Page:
March 30, 2023

Chakriya Peov, representing the Waddhanak Dance Troupe. (Contributed photo)

MINNEAPOLIS (March 10, 2010) – The Midtown Global Market was packed last week as Asian American community members gathered to send a message that their voices count. “Participate in Census 2010” was the theme of the Asian Pacific Islander celebration, which began at 5:00 with a program featuring many of the leading voices and role models of the Asian Minnesotan community.

Audience members heard comments by Ramsey County Judge Gail Chang Bohr, Mangala Sharma, the founder of Bhutanese Refugees Aiding Victims of Violence (BRAVE) and Bill Imada, CEO of IW Group in Los Angeles, California.

Other speakers included Bao Vang, executive director, Hmong American Partnership, Kazoua Kong Thao, Saint Paul Schools Board Chairwoman, and Sunny Chanthanouvong, executive director, Lao Assistance Center of Minnesota.

The speakers resonated with the assurance of a safe, secure method when completing the census and that it was a “10-10-10” process. 10 questions in 10 minutes and the Census is every 10 years.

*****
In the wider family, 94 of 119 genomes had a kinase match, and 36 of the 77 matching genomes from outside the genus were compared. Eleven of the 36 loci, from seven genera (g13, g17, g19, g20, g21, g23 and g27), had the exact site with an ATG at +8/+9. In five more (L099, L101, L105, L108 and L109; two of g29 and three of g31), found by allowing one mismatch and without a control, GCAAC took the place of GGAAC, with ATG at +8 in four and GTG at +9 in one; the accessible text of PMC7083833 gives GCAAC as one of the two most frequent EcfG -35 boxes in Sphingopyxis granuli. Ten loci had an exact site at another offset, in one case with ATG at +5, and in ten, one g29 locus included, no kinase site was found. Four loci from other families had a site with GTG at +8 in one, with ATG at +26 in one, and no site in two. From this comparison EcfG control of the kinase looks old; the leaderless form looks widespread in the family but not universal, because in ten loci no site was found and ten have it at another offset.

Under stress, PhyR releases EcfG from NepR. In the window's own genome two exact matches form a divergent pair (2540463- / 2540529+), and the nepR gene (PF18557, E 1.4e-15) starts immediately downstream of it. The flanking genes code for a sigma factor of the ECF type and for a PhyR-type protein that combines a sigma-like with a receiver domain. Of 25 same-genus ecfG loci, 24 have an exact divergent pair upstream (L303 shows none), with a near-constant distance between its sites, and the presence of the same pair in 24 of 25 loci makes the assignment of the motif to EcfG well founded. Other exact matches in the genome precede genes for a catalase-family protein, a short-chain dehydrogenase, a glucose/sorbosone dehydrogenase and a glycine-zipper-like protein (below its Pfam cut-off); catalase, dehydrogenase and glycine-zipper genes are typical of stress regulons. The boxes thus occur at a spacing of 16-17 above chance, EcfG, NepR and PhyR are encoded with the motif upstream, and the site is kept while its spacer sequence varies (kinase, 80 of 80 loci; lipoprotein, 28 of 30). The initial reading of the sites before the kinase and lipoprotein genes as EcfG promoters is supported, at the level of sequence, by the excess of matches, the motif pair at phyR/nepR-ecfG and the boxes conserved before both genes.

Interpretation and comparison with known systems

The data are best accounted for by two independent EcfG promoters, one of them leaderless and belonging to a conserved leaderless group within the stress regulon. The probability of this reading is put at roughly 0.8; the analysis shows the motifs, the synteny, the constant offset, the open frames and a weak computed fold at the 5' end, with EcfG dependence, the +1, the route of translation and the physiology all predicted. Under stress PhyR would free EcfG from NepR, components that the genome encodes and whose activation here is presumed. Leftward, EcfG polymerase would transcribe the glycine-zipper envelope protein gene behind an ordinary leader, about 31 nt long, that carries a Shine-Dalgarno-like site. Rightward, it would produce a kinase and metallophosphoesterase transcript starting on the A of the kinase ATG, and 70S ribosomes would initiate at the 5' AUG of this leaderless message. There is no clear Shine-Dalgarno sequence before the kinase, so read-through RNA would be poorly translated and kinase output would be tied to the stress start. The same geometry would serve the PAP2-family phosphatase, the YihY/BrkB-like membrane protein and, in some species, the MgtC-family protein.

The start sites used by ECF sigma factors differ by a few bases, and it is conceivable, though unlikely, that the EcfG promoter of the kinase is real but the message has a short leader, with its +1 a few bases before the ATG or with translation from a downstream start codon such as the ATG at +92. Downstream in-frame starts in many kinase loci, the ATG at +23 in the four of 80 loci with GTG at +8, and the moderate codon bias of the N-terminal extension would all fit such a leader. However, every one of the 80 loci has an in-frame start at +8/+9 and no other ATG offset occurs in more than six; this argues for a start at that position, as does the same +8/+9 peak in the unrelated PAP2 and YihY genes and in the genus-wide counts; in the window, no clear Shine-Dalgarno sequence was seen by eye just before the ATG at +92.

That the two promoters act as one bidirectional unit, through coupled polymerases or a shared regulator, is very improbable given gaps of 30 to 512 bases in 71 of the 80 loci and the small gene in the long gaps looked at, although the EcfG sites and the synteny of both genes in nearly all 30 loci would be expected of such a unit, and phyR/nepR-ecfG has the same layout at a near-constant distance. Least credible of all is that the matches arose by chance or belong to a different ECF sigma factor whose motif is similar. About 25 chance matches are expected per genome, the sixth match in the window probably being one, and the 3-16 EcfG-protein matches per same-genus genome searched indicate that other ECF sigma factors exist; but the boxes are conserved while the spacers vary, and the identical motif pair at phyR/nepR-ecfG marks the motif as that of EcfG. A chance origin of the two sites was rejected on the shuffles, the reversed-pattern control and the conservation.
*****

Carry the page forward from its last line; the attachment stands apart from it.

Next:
Why is the Census so important in 2010?

“There was a major undercount during the 2000 census that took several years to correct through costly research and verification through other community sources,” said Bryan Thao Worra of the Lao Assistance Center, the emcee. “And while tax and property records and other public information is helpful, it’s still not the best way of identifying the needs and opportunities in our community. Filling out the Census is definitely important for all of us.”

Entertainment was provided by Asian Media Access’ Minnesota Sunshine Dance, a member of AMA’s Pan Asian Artists Alliance , and a high school student, Chakriya Peov, representing the Waddhanak Dance Troupe. The event was sponsored by the Asian Pacific Islander Complete Count Committee.

“The future is in our hands, and now more than ever will help define a great deal of where American society heads in the coming years ahead,” said Abby Sookraj, executive director of SEWA-AIFW, an Asian Indian Family Wellness organization.

The forms have been sent to household addresses. If you have questions, help is available by phone at 1-866-783-2010 and at local Questionnaire Assistance Centers, locations can be viewed at

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